After you have received sedation or general anesthesia for liposuction, very small incisions are made in inconspicuous areas of the sites to be suctioned. A large amount of tumescent solution is then injected into the areas to be treated. Tumescent solution contains a local anesthetic, epinephrine (which causes blood vessels to shrink down or constrict), and a balanced salt solution. This solution helps to provide anesthesia and minimize blood loss both during and after your procedure. The solution is allowed to sit for approximately 10 minutes prior to beginning suction.
Small cannulas, or metal tubes, are then serially inserted through the previously created incisions. The cannula is connected to suction tubing and a canister, and suction is applied while the cannula is carefully directed in multiple directions within the area of treatment. The fat is removed and suctioned directly into the collection canister for disposal, or in some cases, for re-injection into another part of the body.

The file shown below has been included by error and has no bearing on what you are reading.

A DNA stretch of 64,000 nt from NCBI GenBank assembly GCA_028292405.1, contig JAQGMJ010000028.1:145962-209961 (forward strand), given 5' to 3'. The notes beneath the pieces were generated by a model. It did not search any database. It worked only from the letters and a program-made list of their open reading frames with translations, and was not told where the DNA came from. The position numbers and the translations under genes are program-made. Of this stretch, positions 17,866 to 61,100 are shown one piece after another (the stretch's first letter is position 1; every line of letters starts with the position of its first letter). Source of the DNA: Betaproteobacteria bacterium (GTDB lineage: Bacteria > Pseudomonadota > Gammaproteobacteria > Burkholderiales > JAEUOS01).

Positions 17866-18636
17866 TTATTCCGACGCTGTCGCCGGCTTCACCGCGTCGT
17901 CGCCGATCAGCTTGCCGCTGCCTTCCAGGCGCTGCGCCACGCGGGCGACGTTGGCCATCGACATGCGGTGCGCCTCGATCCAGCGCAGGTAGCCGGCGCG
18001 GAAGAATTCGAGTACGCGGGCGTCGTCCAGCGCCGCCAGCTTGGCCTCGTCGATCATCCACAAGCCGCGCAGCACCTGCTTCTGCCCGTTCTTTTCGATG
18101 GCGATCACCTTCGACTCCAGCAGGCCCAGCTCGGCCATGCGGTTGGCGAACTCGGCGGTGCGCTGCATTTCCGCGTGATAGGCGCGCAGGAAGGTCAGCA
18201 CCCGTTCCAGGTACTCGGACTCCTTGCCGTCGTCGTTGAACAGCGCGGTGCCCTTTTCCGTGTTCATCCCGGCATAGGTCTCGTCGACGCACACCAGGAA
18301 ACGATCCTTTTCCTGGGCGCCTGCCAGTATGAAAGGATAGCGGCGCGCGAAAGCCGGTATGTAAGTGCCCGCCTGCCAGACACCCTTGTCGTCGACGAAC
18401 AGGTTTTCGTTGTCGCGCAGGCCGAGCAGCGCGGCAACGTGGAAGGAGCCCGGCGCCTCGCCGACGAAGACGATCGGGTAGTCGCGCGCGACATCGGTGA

There are many different types of liposuction now available. Suction-assisted liposuction (SAL) is the traditional form of liposuction and involves the removal of fat with a high vacuum. Power assisted liposuction (PAL) is traditional SAL with the addition of a tool to increase the motion of the cannula, which can speed the removal of your fat. In select cases, ultrasound assisted liposuction (UAL) is used. This technique transmits energy through a special hand piece to helps to loosen and melt fat. This is best for larger areas, dense fat, and male patients.
Immediately following surgery, you will be placed into a special compression garment which will assist in reduction of your swelling during the early postoperative period. You are advised to wear this garment continuously for 2-6 weeks following surgery.
Liposuction is sometimes performed in conjunction with tummy tuck surgery to remove excess skin from the lower abdomen, particularly following pregnancy or significant weight loss.